Since March, a second Covid-19 wave, driven by a more infectious variant of the coronavirus, has led to an unprecedented crisis in India. With over 25 million cases and over 2.78 lakh reported deaths, India’s healthcare infrastructure is proving inadequate. Medical personnel are overworked and overwhelmed, medicines and oxygen cylinders are scarce, crematoriums and cemeteries have been running out of space for funerals.
While urban India struggles, another worrying development has begun to unfold: Covid-19 has now spread in rural areas.
Recent data analysed by the Hindustan Times shows that in March, rural areas contributed a little over a third of all cases (34.3%) in India. In April, this increased to nearly half (44.1%). In May, rural India accounted for 1.39 times more Covid-19 cases than cities.
One region where the disease has spread widely is southern rural Rajasthan, which is largely tribal, backward, characterised by acute poverty, barren land and poor access to welfare. Basic HealthCare Services, a health-based NGO associated with Aajeevika Bureau, the migrants rights organisation for which I work, has been on the frontlines of the response to the crisis. It runs clinics in six underserved regions of South Rajasthan.
While official estimates of the extent of the spread in the state are yet to be confirmed, Rajasthan health minister Raghu Sharma in a recent interview said that nearly 50% of all new infections are being found in rural areas. The Barmer Chief Medical Officer said on May 12 that 70% of all new cases were being found in the district’s villages.
The biggest challenge to curtailing the disease lies in the lack of human resources and infrastructure for testing and treatment, said Hyjel D’Souza and Anupriya Saxena, who work as executives with Basic HealthCare Services.
Treatment kits being distributed to frontline workers such as the ASHA and the Auxiliary Nurse Midwives staff are inadequate, they said. Most medicines are in short supply – and in some areas not available at all. In the Gogunda block, some kits received by workers reportedly had chloroquine, a medication used in the prevention and treatment of malaria.
In Udaipur district’s Salumber block, a recent rise in reported cases has prompted the police to put up barricades restricting vehicular movement on roads leading to the government-run Primary Health Centre. Such arbitrary measures are likely to exacerbate the burden of Covid-19 in these areas.
The inoculation campaign in southern Rajasthan also has its share of problems. Only people scheduled to receive second doses are being given their shots. In areas where mobile phone networks are weak or unavailable, registering for vaccinations for those aged between 18 to 44 has been impossible.
D’Souza and Saxena said that there is fear and stigma associated with vaccinations. They said that after the traumas of last year’s lockdown, where little help was forthcoming from the government, there has been a growing mistrust towards the state and its services. As a consequence, several communities are now reluctant to take the vaccine.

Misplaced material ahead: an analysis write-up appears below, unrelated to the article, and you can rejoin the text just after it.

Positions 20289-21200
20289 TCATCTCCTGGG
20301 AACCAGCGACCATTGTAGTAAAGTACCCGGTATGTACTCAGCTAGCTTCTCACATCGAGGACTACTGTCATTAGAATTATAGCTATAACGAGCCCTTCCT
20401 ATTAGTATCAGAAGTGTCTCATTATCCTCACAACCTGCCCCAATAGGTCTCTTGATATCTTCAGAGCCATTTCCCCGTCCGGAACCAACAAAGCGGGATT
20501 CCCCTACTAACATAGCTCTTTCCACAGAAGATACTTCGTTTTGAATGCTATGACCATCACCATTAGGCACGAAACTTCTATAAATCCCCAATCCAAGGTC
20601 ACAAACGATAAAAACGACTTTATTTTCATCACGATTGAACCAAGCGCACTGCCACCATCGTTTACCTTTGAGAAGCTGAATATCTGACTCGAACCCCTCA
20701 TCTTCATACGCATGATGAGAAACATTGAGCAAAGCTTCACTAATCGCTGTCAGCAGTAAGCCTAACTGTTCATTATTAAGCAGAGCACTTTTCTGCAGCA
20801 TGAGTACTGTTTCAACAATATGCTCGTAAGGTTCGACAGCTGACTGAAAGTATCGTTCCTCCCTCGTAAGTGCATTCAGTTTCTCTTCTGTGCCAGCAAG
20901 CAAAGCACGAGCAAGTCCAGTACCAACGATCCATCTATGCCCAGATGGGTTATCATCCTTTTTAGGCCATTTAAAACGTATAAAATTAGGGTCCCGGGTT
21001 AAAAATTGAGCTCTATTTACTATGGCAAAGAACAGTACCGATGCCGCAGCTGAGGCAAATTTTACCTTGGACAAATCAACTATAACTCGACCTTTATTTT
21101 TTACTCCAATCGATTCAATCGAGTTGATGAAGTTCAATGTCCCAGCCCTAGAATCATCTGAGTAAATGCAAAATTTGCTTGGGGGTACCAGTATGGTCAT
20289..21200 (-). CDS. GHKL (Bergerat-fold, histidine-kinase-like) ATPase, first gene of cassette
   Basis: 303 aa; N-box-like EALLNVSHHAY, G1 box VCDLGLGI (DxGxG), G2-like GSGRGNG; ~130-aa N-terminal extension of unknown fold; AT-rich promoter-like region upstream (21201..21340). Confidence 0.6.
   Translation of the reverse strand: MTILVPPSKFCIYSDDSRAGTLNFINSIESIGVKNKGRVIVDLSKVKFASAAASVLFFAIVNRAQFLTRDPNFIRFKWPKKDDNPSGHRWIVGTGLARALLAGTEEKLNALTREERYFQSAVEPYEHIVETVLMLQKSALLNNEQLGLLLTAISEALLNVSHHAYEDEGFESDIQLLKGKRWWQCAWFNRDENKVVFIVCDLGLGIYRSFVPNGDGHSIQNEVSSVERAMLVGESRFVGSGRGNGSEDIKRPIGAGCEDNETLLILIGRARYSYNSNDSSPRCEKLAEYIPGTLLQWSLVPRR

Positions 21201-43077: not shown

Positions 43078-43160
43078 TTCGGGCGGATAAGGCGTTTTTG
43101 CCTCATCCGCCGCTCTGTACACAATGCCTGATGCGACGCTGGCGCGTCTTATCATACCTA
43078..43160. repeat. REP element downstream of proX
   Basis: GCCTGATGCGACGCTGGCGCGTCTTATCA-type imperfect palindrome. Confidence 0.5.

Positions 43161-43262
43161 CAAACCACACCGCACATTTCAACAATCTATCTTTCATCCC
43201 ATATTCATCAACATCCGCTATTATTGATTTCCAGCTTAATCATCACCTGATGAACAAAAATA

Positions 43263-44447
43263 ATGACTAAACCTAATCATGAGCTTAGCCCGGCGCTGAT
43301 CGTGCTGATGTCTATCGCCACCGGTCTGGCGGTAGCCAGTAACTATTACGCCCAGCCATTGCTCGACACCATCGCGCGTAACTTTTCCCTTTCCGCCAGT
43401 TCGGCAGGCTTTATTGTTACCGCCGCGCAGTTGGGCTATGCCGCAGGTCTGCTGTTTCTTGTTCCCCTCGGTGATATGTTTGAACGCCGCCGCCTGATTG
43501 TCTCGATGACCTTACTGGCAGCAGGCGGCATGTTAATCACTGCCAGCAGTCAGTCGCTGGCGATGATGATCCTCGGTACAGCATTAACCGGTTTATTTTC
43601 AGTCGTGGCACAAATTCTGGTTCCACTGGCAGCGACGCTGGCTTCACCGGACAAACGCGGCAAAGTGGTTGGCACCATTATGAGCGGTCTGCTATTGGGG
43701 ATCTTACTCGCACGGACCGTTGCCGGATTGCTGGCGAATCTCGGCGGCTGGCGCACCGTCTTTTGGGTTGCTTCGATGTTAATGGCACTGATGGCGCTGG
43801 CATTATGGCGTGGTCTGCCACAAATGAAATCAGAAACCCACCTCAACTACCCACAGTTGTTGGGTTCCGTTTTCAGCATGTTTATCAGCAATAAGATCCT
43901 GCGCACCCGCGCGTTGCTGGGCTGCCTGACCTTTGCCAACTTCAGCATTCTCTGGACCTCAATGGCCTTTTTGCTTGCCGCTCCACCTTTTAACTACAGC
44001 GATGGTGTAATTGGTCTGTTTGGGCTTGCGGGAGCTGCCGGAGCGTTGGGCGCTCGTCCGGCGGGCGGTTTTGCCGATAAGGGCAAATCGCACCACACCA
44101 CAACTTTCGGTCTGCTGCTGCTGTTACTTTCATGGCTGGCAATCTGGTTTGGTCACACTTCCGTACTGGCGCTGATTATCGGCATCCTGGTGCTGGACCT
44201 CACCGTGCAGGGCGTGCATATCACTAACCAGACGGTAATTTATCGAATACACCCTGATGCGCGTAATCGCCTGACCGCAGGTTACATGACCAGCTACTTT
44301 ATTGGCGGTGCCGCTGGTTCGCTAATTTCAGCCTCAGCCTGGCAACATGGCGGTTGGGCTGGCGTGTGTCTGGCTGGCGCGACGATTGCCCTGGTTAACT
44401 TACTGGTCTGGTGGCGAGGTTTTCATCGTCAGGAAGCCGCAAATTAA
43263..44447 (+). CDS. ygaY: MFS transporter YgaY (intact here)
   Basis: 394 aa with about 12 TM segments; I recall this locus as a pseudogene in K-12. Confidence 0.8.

“How does one rebuild their trust, how does one convey that vaccines are a life saver for them considering the horrors they have had to endure?” said D’Souza.
Primary Health Centres in the region are not equipped to provide Covid-19 treatment. There is one health centre for every 25,000 to 30,000 people at the block or the panchayat level, while district hospitals remain severely understaffed, said Dr Pavitra Mohan, the co- founder and director of Basic HealthCare Services.
“The government has set up Covid care centres in many districts,” said Mohan. “This is welcome move, but merely beefing oxygen supply and medicines will not be enough. Healthcare requires people – trained and informed medical personnel prepared to handle Covid treatment. We too are actively looking for doctors and medical staff for our centres.”
The other challenge has to do with the current capacities of many frontlines workers dispensing medicines, coordinating vaccination drives and spreading awareness, Mohan said. “They are overworked and without updated information on Covid-19 protocols,” he said. “This needs to be addressed immediately, else this will become a major hurdle in the months to come.”
After the state government started a door-to-door survey across Rajasthan in April, . health department said that 7 lakh people with influenza-like symptoms were detected.
D’Souza and Saxena said that at least one person in every household that they have met with is reporting influenza-like symptoms. Relative to the total number of infections they are hearing about, there have been very few deaths. However, they said, this does not confirm low mortality across the state in any way.
The problem of obtaining accurate data on covid deaths across the country is well known. Tracking and monitoring, and convincing people over treatment and isolation, especially those with mild symptoms, who live in remote areas, who migrate for work, is difficult, D’Souza and Saxena said. Given these challenges, how does one check if Covid-19 has subsided?
To adequately tackle Covid-19 in rural areas, it is imperative for the state government to acknowledge that the problem is not limited to infrastructure alone. It must swiftly allocate resources to test potential patients. It should also collect accurate, timely data on infections and deaths in order to institute effective policy interventions.
If this is left unaddressed, Covid-19 could have devastating consequences on Rajasthan’s poor Adivasi population.
Anhad Imaan works with Aajeevika Bureau, a non-profit that provides support to seasonal migrant labourers in Rajasthan, Gujarat, and Maharashtra.